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Campaign issues aside, Peter Penashue is the latest victim of misguided media training

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By now, you probably know about Peter Penashue, the former federal Cabinet Minister from Labrador who the other day resigned amid allegations of breaches of the Elections Canada rules related to his campaign.

In a nutshell, here's what it is about.

First, that his campaign overspent the limit, by something like $48,000. Also, that he took corporate contributions. Corporate contributions are not allowed. In this case they include Provincial Airways writing off $17,000 in flights, and a sizable contribution from a construction company. Now, it has come out that there were many more illegal corporate donations. His campaign also took out a $25,000 interest free loan from an Innu group led by his brother. Also illegal.

But that's not what this blog is about. I mention that only for context. My focus here is the way he handled the media, and specifically, how it is a prime example of the kind of counsel that gives media trainers a bad name.

I cannot say with 100% certainty, but I know from experience that his response in this interview, which you will see in a moment, is exactly what some media trainers advise. I have seen it time and time again.  They give one line with instructions to simply repeat it as a response to whatever is asked.

So here is the result. The interviewer is Peter Cowan of CBC Labrador, who apparently was the first to look into Penashue's campaign. This interview was back in the summer, when it was just starting to heat up. As as you watch, you judge whether his repeated response serves him well…..

Did his rehearsed line in lieu to something with substance help him? Here's a hint – he has since resigned.  Mind you there are times when this strategy is the best course, and there is no question this type of interview, in this situation, is awash in minefields. Media advice has to be extremely strategic in this case, but the tactic of robotically responding with the same one line to every question was not the way he should have gone in this case.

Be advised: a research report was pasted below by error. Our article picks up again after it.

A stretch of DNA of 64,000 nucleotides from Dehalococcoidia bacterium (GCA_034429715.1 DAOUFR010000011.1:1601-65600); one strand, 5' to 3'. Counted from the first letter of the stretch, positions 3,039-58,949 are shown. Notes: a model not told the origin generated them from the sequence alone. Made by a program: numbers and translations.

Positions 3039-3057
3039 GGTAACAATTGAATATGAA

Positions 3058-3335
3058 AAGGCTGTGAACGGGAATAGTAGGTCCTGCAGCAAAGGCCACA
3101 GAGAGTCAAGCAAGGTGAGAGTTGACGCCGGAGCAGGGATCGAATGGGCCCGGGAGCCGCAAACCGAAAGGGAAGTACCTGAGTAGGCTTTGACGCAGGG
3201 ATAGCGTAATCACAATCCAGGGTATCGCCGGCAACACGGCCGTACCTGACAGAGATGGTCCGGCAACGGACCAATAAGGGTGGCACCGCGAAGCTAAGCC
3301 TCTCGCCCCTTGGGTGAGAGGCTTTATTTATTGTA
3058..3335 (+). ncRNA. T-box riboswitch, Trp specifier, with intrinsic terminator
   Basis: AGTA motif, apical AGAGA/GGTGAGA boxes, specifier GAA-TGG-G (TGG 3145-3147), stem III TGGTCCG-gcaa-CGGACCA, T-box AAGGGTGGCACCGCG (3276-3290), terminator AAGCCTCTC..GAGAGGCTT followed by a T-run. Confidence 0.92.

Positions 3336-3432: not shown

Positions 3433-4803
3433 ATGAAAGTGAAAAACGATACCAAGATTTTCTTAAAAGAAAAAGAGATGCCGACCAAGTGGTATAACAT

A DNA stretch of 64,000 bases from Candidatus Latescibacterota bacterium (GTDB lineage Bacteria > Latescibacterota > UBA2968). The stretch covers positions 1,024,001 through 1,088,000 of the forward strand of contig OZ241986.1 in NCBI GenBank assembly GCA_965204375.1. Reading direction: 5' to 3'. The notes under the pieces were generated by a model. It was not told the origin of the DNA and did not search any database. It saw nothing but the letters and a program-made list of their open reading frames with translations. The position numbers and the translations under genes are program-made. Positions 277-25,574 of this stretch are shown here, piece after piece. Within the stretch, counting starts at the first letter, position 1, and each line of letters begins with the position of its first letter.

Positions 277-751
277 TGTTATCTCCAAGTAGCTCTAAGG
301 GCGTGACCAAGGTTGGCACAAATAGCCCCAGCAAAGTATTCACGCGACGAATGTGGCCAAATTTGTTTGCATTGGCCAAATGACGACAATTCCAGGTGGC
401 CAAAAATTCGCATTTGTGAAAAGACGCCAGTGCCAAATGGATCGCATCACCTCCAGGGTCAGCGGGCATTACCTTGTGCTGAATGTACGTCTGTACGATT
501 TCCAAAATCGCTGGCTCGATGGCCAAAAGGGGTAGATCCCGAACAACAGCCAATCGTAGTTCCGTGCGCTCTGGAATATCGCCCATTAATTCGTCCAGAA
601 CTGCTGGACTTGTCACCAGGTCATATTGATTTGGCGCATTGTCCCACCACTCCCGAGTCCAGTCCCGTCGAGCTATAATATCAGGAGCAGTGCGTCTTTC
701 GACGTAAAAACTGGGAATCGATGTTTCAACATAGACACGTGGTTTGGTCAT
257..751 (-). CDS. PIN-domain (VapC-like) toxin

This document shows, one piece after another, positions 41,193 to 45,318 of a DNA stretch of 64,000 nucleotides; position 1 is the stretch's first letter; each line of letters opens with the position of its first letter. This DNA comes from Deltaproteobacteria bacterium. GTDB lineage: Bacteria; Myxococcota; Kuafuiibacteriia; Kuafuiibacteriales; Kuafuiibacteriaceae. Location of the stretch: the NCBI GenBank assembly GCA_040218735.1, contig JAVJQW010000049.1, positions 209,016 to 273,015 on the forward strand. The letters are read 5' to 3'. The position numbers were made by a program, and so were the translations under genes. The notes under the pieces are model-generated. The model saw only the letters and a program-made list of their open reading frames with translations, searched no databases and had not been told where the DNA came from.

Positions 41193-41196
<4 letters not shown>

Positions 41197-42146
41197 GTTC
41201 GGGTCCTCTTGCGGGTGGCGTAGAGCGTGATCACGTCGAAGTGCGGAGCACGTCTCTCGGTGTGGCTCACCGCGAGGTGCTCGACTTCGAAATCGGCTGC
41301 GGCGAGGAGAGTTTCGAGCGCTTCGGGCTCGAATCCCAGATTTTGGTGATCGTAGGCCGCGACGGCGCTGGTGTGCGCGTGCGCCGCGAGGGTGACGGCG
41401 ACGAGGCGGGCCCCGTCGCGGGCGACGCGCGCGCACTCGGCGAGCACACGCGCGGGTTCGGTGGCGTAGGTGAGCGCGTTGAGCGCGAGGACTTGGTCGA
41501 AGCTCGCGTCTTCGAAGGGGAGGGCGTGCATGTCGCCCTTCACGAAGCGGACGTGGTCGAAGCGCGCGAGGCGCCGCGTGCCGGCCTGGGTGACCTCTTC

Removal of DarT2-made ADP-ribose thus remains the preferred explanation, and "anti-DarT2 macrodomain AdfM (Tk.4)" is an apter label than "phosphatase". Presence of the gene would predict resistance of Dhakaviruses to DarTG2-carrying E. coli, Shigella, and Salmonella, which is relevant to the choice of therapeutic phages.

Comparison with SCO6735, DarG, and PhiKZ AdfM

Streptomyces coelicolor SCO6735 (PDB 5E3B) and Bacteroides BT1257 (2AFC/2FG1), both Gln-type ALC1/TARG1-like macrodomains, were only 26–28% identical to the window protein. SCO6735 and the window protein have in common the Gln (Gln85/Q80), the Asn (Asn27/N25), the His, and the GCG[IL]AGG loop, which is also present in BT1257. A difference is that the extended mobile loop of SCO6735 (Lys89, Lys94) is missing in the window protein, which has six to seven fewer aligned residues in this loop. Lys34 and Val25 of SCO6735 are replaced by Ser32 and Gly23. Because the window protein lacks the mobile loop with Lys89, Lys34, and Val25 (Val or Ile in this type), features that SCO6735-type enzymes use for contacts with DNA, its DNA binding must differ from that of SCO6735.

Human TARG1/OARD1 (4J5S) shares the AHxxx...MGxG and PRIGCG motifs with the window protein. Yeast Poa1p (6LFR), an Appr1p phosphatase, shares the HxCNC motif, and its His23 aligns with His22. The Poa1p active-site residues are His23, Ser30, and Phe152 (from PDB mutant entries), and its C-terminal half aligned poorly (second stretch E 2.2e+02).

To me, and I suspect most viewers, Penashue's response suggests one thing – he was determined not to divulge anything. 

But they were valid questions that deserved a better response.

Maybe he shouldn't have done the interview, but once in it, the stakes were such that he was either going to enhance or diminish what people think of him. 

More recently, as the evidence became more public and more damning, he changed his response, but it didn't get much better. In essence, he threw one of his campaign team under the bus, blaming his inexperience for the apparent overspending and questionable funding. But two things about that – the man was not inexperienced, having worked on many campaigns, plus, common sense suggests Penashue must have wondered where the money was coming from to fly him in and out of remote community after remote community over his vast Labrador riding, something none of the other candidates could afford to do.

Here's the point – communications can do many things, but it cannot right a wrong.

There's no magic thing he could have said that would have make everything all right. It doesn't work that way. That's not to say there aren't better responses he could have given.

But for a media trainer to give this guy a single line with instructions to simply repeat it ad nauseam no matter what is asked is poor advice that diminishes both the credibility of the politician and, for those who understood where it was coming from, the credibility of the media training profession.

But maybe I'm too close to it since I do media training. I'd like to hear what you think. How did the way he handed this interview work for you?

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